Biden Administration provides US$1bn to improve airport terminals

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The US Department of Transportation’s Federal Aviation Administration (FAA) will award approximately US$1bn from President Joe Biden’s Bipartisan Infrastructure Law funding to 85 airports across the US to improve their terminals.

The funding is from the Airport Terminal Program, one of three aviation programs created by the Bipartisan Infrastructure Law. The law provides US$1bn annually for five years for airport terminal grants. The grants are intended to expand capacity, increase energy efficiency, promote competition and provide greater accessibility for individuals with disabilities. Two grants will also be awarded to build new air traffic control towers.

According to the government, 70 grants contain an element that will expand terminal capacity. Most notably, these include developments at Pittsburgh International Airport in Pennsylvania, Chattanooga Metropolitan Airport in Tennessee, Huntsville Intl-Carl T Jones Field Airport in Alabama and Orlando International Airport in Florida. Pittsburgh International Airport will invest US$20m in the construction of a 65,000mlandside terminal adjacent to the existing airside terminal. This includes an improved passenger security screening checkpoint and checked baggage inspection system, baggage handling equipment, US Customs and Border Protection area, and associated public spaces and support functions to serve passengers and meet the operational needs of the airport.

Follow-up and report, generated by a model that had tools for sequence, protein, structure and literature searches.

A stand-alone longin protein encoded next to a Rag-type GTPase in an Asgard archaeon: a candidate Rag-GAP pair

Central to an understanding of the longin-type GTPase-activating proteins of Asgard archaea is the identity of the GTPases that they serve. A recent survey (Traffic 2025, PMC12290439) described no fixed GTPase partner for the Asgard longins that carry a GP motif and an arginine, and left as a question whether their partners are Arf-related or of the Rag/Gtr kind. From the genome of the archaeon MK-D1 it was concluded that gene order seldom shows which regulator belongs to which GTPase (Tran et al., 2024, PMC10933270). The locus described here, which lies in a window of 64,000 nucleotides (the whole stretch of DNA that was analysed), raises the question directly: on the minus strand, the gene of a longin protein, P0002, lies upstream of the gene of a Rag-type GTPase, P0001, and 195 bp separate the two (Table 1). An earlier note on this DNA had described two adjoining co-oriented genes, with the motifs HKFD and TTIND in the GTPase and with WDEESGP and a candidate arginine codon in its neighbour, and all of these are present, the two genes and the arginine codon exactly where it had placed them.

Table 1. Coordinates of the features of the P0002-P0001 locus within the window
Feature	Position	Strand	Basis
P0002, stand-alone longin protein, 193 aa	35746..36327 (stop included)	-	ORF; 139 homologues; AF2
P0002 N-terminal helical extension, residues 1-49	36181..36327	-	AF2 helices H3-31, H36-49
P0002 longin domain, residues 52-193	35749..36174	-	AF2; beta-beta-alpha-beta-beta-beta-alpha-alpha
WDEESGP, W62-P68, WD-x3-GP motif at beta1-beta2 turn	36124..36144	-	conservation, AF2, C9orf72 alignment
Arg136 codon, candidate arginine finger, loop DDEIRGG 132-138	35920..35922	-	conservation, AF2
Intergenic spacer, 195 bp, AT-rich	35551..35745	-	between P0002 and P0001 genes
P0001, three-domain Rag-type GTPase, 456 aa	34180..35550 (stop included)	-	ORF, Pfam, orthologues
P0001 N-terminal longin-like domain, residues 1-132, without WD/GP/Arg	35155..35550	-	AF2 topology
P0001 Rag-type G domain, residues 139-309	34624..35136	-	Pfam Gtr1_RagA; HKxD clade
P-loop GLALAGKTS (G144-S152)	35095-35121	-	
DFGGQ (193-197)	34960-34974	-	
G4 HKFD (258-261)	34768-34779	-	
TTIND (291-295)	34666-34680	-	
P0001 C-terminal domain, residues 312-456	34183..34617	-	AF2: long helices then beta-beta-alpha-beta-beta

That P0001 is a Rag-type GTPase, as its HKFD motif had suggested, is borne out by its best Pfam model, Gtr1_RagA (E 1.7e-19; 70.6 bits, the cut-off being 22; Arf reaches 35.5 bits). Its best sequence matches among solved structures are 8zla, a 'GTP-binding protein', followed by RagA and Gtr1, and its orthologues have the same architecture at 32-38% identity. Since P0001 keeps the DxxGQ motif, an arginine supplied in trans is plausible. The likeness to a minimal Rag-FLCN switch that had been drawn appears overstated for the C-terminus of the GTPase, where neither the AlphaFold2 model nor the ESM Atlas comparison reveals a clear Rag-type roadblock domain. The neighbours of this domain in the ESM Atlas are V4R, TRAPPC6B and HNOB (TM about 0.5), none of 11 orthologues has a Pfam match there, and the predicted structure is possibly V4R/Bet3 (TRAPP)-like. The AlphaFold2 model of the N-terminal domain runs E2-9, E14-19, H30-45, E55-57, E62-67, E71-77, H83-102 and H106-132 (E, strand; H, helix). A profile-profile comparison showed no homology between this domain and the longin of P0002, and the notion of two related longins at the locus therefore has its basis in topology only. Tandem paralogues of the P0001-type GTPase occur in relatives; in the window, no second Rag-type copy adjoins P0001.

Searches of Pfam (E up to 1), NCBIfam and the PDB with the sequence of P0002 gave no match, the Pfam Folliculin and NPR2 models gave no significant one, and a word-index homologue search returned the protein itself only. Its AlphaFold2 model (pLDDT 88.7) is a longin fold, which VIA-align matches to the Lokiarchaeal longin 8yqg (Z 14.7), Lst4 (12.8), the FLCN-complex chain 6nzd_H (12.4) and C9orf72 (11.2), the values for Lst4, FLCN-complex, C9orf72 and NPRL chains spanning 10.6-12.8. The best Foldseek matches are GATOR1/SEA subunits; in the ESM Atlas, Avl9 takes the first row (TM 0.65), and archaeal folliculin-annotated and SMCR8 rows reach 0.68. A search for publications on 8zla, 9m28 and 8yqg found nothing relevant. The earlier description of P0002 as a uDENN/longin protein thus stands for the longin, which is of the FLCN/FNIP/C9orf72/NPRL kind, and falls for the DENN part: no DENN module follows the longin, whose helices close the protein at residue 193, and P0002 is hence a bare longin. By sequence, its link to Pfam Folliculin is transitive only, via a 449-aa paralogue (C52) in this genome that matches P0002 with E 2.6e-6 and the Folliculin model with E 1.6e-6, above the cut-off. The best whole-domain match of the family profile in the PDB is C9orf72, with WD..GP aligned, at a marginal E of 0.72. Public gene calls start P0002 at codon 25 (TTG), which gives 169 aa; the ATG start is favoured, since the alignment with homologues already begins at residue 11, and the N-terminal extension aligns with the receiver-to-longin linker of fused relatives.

At Chattanooga Metropolitan Airport, US$5m will be invested in Phase 1 of a terminal expansion project that will expand its second level by approximately 2,500m2 to provide space for two new gates, one expanded gate, a new set of restrooms and additional passenger queuing, holdroom and circulation space. This phase will also reorient the TSA Checkpoint to create room for an additional screening lane and expand the terminal rotunda to provide adequate passenger queuing space. The project will increase terminal capacity, improve ADA accessibility, increase energy efficiency, promote airline competition and create jobs.

Huntsville Intl-Carl T Jones Field will receive US$10m to replace aging elevators, escalators and mechanical equipment; add one elevator and three escalators; construct new terminal and concourse restrooms, family restrooms, nursing rooms and a service animal relief area; expand terminal public areas; and complete ticket counter modifications. The project will provide more amenities for passengers, increase capacity, achieve ADA compliance, boost energy efficiency, improve accessibility and create construction jobs.

Finally, Orlando International Airport will use US$50m to construct four gates capable of serving either four wide-body or eight narrow-body aircraft. The project is expected to increase capacity, provide ADA-compliant facilities, achieve Leadership in Energy and Environmental Design (LEED) certification and provide for increased competition.